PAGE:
Have we forgotten how to sell to each other?
I sometimes wonder that as I refuse to answer robocalls, mark email as spam, and post no solicitations on the front door. I don’t like to be interrupted when “working”.
I don’t need more auto warranties (they’re more dependable from your dealer), and I don’t need sudden travel deals (although I could imagine that some week I might). I don’t need SEO services, and I don’t need Windows drivers from third parties advertising on YouTube. I don’t need to replace my Medicare (and AARP supplemental) with Medicare Advantage, although I do wonder if TrumpCare or RyanCare could change that.
Yet, for 14 months while living in Minneapolis, after my career had its cardiac arrest at the end o 2001, I worked for the Minnesota Orchestra, calling for contributions to the Young People’s Concerts. This was slightly post 9/11, but people would answer the phone then, do pledges, and even “blue money on credit”. The non-profit word for this activity was “development”.
After coming back to DC, I worked for a company selling National Symphony subscriptions, but suddenly quit when a call recipient threatened me with arrest for calling after the 9:00 PM statutory curfew. I will not tolerate employers’ expecting me to break the law. I could afford to enforce that then and now.
It was eye-opening to me, that someone could major in music, and then come down from Toronto to teach us how to sell music subscriptions to the masses. I feel it’s a great honor to be recognized as a content creator. I feel “peddling” is second-class citizenship.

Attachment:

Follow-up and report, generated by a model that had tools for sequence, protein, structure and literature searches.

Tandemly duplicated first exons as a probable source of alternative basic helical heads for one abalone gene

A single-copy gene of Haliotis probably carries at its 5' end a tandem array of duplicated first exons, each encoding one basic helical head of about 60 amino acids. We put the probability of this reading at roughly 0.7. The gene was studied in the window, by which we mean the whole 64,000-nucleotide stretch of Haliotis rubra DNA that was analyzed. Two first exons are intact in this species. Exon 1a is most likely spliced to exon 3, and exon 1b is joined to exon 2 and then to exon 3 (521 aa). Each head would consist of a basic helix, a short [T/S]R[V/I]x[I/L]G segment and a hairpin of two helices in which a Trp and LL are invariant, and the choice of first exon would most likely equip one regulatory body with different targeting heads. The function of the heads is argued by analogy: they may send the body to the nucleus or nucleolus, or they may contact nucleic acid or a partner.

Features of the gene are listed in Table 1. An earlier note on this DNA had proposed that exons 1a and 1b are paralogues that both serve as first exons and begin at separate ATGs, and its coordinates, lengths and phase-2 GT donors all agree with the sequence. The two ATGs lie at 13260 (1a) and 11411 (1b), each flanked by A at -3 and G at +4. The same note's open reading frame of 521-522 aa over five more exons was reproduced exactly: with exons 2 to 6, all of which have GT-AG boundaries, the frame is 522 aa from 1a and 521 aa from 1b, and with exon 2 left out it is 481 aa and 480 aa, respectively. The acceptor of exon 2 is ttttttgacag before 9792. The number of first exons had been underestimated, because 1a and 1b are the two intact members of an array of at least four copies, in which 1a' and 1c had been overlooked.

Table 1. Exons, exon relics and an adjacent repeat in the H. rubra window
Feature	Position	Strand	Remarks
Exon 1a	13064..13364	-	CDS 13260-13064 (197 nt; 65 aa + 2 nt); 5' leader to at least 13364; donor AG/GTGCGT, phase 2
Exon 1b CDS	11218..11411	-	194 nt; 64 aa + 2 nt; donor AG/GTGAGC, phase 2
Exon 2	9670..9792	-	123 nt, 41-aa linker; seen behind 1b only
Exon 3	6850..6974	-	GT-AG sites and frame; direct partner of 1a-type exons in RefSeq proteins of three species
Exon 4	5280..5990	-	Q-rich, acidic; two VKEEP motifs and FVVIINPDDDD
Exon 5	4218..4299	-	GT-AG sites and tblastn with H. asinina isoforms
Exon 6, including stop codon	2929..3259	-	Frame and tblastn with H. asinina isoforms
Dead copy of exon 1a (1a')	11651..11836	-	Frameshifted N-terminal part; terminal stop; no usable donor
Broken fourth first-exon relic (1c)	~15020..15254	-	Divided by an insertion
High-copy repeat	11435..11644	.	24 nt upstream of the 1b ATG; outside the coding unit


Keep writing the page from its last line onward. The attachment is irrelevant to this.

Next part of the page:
From 1972-1973, living in northern New Jersey, I worked for Sperry Univac, when it was trying to compete with IBM. My job was “site support”, providing technical interface for processors (FORTRAN, COBOL, etc) and I made beaucoup trips to St. Paul MN for benchmarks. The whole idea was to sell more computers. I did get the feedback that I “didn’t have a marketing profile” and would be better off in “real” development.
Indeed I spent probably twenty-six years or so largely as an individual contributor in developing, implementing, and supporting business applications, batch and online, mostly mainframe. I was not a life that encouraged a lot of socialization for its own sake, or being part of other people’s social capital. After I “retired”, I found out how the real world of “Lotsa Helping Hands” can work.
My father was a salesman, of sorts – actually, a “manufacturer’s agent”, for Imperial Glass, until 1971. I remember his travel to glass shows all over the East Coast, his filling orders manually and doing the accounting with adding machines. Mother helped him. But he worked wholesale. Selling for him was mostly about customer service. It was never about cold calling or pimping.
But when I “retired” (I was well provided for by ING with the final layoff and forced retirement), I was rather shocked at the corporate culture I found with some interviews. One of the sessions occurred in 2002 and would have involved contacting people to get them to convert whole life policies to term. Later, I would be approached by two companies (unsolicited) to become a life insurance agent or financial planner. Getting “leads” in that business means trolling people on the Internet to find out who to make cold calls to. I would also be approached to become a tax preparer (unsolicited), and a non-profit mall canvasser.